Job’s Reply to Eliphaz (6:1 – 7:21)
Job responded to Eliphaz’s sanctimonious moralizing in a pointed and direct way. Gleason L. Archer, Jr. captures the essence of Job’s response:
“Under the terrible pressure of my afflictions — much beyond anything you, Eliphaz, have ever known or could even imagine, I have been driven to express myself in rash and extreme language. But you must understand my ill-considered words in the light of the terrible stress to which I have been subjected. I have become virtually demoralized by the poisoned arrows that the Almighty (Shaddai) has shot into my soul, and the frightful losses and pain that He has inflicted upon me. The patronizing advice, with its unfair insinuation that I have been hiding some secret, unconfessed sin, is as loathsome and tasteless as unsalted albumen of an egg.”
Job repeated his desire to have his request to die granted (6:8-9). He felt that death would be a welcome relief to the awful pain that had touched his life. Job knew that he could die with the satisfaction that he had never once denied or spurned God through his sufferings (6:10). He saw no point in continuing to live (6:12-13).
Job expressed his disappointment in his (professed) friends. As Steven J. Lawson points out, Job needed them on his team, not on his back. Job said that the counsel of friends should help a person keep their grip on God. Instead, the counsel of Eliphaz, however well-intentioned, served to do the opposite (6:14). His friends were a disappointment to him. Job likened his friends to a wadi (seasonal desert stream) which promises refreshment to the thirsty traveler but proves to be just a dusty and dry stream bed (6:15-20). A wadi is full of water and ice in the winter but dry in the summer when it is most needed. Job’s friends were full of kindness when none was needed and of no help when kindness was called for. Job reminded his friends that he had asked no favors, counsel or financial or otherwise, from his friends. They turned out to be worse than useless to him.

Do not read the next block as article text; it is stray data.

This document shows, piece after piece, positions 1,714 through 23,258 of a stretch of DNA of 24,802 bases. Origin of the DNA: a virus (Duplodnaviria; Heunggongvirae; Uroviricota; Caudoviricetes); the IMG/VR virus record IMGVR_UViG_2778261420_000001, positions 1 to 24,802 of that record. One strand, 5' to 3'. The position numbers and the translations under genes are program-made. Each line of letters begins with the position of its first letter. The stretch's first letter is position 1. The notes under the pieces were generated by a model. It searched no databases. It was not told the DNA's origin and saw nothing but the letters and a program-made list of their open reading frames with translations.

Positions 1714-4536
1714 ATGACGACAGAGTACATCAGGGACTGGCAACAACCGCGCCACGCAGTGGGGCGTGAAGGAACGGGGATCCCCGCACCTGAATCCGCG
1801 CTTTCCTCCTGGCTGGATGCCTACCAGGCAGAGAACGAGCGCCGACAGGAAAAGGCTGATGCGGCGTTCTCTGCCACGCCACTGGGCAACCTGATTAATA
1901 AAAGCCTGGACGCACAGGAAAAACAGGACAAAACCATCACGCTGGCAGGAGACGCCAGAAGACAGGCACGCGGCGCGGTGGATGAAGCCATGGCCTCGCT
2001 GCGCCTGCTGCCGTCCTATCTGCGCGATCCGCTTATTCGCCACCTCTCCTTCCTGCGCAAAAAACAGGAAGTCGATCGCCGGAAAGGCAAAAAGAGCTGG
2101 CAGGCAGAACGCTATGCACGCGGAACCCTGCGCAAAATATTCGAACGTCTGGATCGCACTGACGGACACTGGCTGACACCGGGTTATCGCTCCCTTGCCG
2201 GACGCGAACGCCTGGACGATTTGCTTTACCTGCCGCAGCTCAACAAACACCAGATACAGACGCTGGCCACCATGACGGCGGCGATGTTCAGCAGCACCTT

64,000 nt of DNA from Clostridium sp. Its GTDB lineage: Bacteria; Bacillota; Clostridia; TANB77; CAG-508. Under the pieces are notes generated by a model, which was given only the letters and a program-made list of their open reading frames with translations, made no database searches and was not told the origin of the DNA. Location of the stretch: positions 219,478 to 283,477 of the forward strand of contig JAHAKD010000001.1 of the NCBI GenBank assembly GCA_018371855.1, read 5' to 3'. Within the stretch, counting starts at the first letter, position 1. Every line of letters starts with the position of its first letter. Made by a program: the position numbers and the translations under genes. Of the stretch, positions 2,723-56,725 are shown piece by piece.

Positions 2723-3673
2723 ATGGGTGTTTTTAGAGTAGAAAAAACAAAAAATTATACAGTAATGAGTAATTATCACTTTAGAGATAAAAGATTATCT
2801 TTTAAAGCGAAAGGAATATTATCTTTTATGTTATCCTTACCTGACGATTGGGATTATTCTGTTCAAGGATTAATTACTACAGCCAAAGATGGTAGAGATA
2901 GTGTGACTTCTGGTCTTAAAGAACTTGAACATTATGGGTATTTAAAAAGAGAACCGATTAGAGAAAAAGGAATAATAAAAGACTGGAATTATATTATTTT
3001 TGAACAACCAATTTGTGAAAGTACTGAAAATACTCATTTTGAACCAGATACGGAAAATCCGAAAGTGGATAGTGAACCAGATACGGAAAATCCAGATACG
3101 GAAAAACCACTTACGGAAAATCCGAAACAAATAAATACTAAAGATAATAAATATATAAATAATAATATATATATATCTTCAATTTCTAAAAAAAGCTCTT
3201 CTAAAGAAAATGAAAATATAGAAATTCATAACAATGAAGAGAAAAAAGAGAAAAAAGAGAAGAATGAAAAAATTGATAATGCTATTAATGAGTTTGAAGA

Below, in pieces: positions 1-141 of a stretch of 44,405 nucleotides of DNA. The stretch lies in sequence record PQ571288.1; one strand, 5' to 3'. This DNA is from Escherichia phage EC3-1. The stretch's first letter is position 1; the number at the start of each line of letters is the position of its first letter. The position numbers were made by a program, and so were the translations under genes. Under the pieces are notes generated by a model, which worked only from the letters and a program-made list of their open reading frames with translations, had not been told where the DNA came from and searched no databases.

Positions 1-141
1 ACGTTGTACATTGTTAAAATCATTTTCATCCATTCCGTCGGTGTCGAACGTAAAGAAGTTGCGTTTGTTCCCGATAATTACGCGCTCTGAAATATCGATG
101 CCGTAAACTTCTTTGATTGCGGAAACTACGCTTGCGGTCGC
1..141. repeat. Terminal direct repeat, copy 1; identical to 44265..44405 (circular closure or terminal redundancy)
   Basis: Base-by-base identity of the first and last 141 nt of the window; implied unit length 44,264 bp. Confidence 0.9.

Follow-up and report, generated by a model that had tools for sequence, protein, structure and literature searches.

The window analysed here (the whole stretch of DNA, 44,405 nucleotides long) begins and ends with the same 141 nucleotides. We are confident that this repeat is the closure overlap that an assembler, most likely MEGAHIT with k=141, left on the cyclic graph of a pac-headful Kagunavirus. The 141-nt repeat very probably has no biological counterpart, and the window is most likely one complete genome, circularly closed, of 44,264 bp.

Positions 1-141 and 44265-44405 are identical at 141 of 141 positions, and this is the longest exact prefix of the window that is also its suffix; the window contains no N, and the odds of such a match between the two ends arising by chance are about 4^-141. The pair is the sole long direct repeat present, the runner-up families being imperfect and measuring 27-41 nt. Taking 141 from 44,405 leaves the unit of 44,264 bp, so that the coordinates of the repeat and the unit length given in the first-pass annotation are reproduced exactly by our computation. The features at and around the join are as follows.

Job directly addressed Eliphaz in reference to his counsel. Job asked Eliphaz to bring up specific charges, instead of his thoughtless inferences, to prove his case against Job (6:24). Eliphaz assumed that Job was guilty until proven innocent, but failed to offer any specifics on Job’s guilt. Job told Eliphaz that he could handle specifics, however painful (6:25). He also told Eliphaz that he needed to take into consideration that the language of one in pain is often exaggerated. “Who,” asked Job, “can fault a person in pain for expressing himself in language of anguish and hurt?” (6:26). Anyone calloused enough to not make allowances for the words of one in pain would likewise deal legalistically with a poor orphan (6:27). Job asked Eliphaz to look him in the eye and give him an honest appraisal. “If there is injustice in my life,” said Job, “then specifically point it out. Otherwise, stop trying to pressure me into thinking that I have sinned against God and have thus brought this calamity on myself” (6:28-30).